Down goes the dictator! A visual history of statue vandalism

For the oppressed revolutionary, there are few things more gratifying than the destruction of a dictator's statue. Whether it's Poles tearing down a statue of Lenin in 1990 or Iraqis doing the same to Saddam Hussein in 2003, the symbolism of a despot dismantled creates an indelible moment in history. On Monday, the world watched Syrian rebels relish one of those moments for themselves after the seizure of the northern city of Raqqa -- followed on Tuesday by the capture of the province's loyalist governor. Widely distributed videos captured opposition activists toppling a gold statue of Hafez al-Assad, the late father of President Bashar al-Assad, in the city's main square. The footage is an instant classic, and, depending on how the Syrian conflict turns out, could join the pantheon of demolished dictator statue videos the world over. Here are some of the best of the genre:

Down Goes Stalin 

It's difficult to count the number of places where Joseph Stalin's statued form has been desecrated. But Oct. 31, 1956 certainly stands out for residents of Budapest, who toppled this towering statue of Stalin during a short-lived anti-communist uprising. 

In 2010, Stalin's statue was removed in the Soviet dictator's hometown of Georgia. The removal followed Georgia's bitter five-day war with Russia in 2008.

But no hard feelings, Joe! The statue was restored in December to recall "happier times." 

Down Goes Saddam

This video of Iraqis pulling down the statue of Saddam Hussein in Firdos Square in 2003 remains a classic of the form, though the media certainly played a role in inflating the myth surrounding it. But it was also a moment of false foreshadowing, as any semblance of Iraqi unity quickly collapsed in the years to come.

Down Goes Lenin

Since the fall of the Soviet Union, Lenin statues have been removed in numerous squares and parks around the world .While the production values of these destruction videos are not always great, here's a rather kinetic one from Cherkassy, Urkaine in 2008, replete with flying sparks and crumbling stone.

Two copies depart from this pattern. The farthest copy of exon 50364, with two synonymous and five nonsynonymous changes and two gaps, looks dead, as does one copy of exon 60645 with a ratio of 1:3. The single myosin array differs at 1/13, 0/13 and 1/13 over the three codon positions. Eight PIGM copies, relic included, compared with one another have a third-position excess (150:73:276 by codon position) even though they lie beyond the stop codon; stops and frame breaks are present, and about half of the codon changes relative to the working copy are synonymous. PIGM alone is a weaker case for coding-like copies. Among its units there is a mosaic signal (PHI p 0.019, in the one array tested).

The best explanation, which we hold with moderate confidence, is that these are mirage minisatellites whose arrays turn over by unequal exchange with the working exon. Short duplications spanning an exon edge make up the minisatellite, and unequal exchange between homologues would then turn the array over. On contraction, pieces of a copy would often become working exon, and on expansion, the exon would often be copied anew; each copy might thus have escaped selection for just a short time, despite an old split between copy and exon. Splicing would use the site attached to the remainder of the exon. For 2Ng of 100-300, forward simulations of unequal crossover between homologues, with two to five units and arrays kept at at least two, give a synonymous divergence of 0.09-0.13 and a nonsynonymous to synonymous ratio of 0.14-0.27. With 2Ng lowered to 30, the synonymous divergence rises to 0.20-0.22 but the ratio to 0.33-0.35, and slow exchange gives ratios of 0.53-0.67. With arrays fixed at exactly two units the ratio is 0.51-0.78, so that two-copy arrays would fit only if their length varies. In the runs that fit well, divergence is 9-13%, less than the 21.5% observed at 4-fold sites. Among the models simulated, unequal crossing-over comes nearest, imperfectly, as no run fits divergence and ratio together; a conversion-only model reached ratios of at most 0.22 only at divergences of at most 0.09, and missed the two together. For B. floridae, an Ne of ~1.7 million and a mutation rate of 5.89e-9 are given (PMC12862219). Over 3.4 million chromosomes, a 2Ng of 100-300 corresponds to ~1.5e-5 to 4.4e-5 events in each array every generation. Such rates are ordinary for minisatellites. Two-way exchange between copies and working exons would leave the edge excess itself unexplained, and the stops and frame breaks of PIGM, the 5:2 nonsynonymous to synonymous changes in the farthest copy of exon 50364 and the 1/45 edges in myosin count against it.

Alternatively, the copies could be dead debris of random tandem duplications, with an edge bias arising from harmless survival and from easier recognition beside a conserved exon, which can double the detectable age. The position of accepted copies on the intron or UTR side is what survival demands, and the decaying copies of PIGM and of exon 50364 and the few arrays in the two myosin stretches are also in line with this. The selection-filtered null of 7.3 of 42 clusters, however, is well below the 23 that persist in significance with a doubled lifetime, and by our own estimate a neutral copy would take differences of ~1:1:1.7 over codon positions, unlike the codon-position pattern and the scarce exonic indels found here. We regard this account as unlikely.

We'd be remiss if we left out this gem from Ethiopia in 1991. Here, Ethiopians stand by a toppled statue of the Communist leader two days after the exit of Ethiopian pro-communist leader Mengistu Haile Mariam.  

Down Goes Mubarak

In 2011, former Egyptian President Hosni Mubarak's face was desecrated in this monument in the 6th of October city, on one of the main roads to Cairo. The monument features Mubarak rather presumptively looming over Egyptian Nobel Prize winners Ahmed Zewail, Anwar Sadat, and Naguib Mahfouz. 

Down Goes Qaddafi

One of the most memorable moments from the Libyan civil in 2011 was rebels toppling Muammar al-Qaddafi's golden fist statue, decapitating another Qaddafi statue, and kicking the head like a soccer ball. Cell-phone footage surfaced from every which angle:

Down Goes Assad (the Elder) 

That brings us back to this week's news. Here's video of the rebels attacking the monument to Assad's father. But as my colleague David Kenner notes, the euphoria was short-lived, as the square soon came under shelling.


Assad loses a city

Since the beginning of the Syrian uprising, supporters of President Bashar al-Assad could always take comfort in one fact: The regime had not lost control of a city. Of course, it had been challenged in Homs, Aleppo, and even Damascus - but if Assad could still control neighborhoods and pay salaries in major urban centers, he could plausibly make the case that he was still in the driver's seat.

That argument doesn't hold water any more. The northern city of Raqqa unexpectedly fell to the rebels yesterday, as anti-regime Syrians toppled the statue of Hafez al-Assad in a city square and captured the provincial governor. Raqqa had long been considered one of Assad's strongholds in the north: In November 2011, he performed Eid prayers in the city's al-Nour mosque to demonstrate his continuing hold over the region.

The toppling of Assad's statue quickly became the iconic image of the city's uprising. The image above juxtaposes the statue coming down, over the words "Made in Syria," with the toppling of Saddam Hussein's statue in Baghdad, over the words "Made in America." The joy at this example of self-empowerment, however, was short-lived. Shortly after the statue of Assad was toppled, video showed the same square targeted by shelling, causing several casualties.

The fall of Raqqa is just the latest example in what has been a consistent deterioration of Assad's control over northern Syria. By early February, rebels were looking to wrest control of Idlib Province from the regime. On Feb. 12, they captured the country's largest dam, to the west of Raqqa. On Feb. 15, they overran a military airbase to the east of Aleppo's airport. On Feb. 23, they first broke into a police academy on the outskirts of Aleppo. And on Feb. 28, they seized a checkpoint along the Iraqi border, and were only beaten back after the Iraqi army intervened.

The rebels' growing momentum in the north raises more questions than answers about where this conflict is heading. Can Assad hold on in his remaining northern strongholds, most importantly Aleppo? With the rebel advance slower in the rest of Syria, is the country heading for de facto partition? The Islamist Ahrar al-Sham and Jabhat al-Nusra took the lead in capturing Raqqa -- how will they govern the city? If anyone tells you they have the answers, they're lying.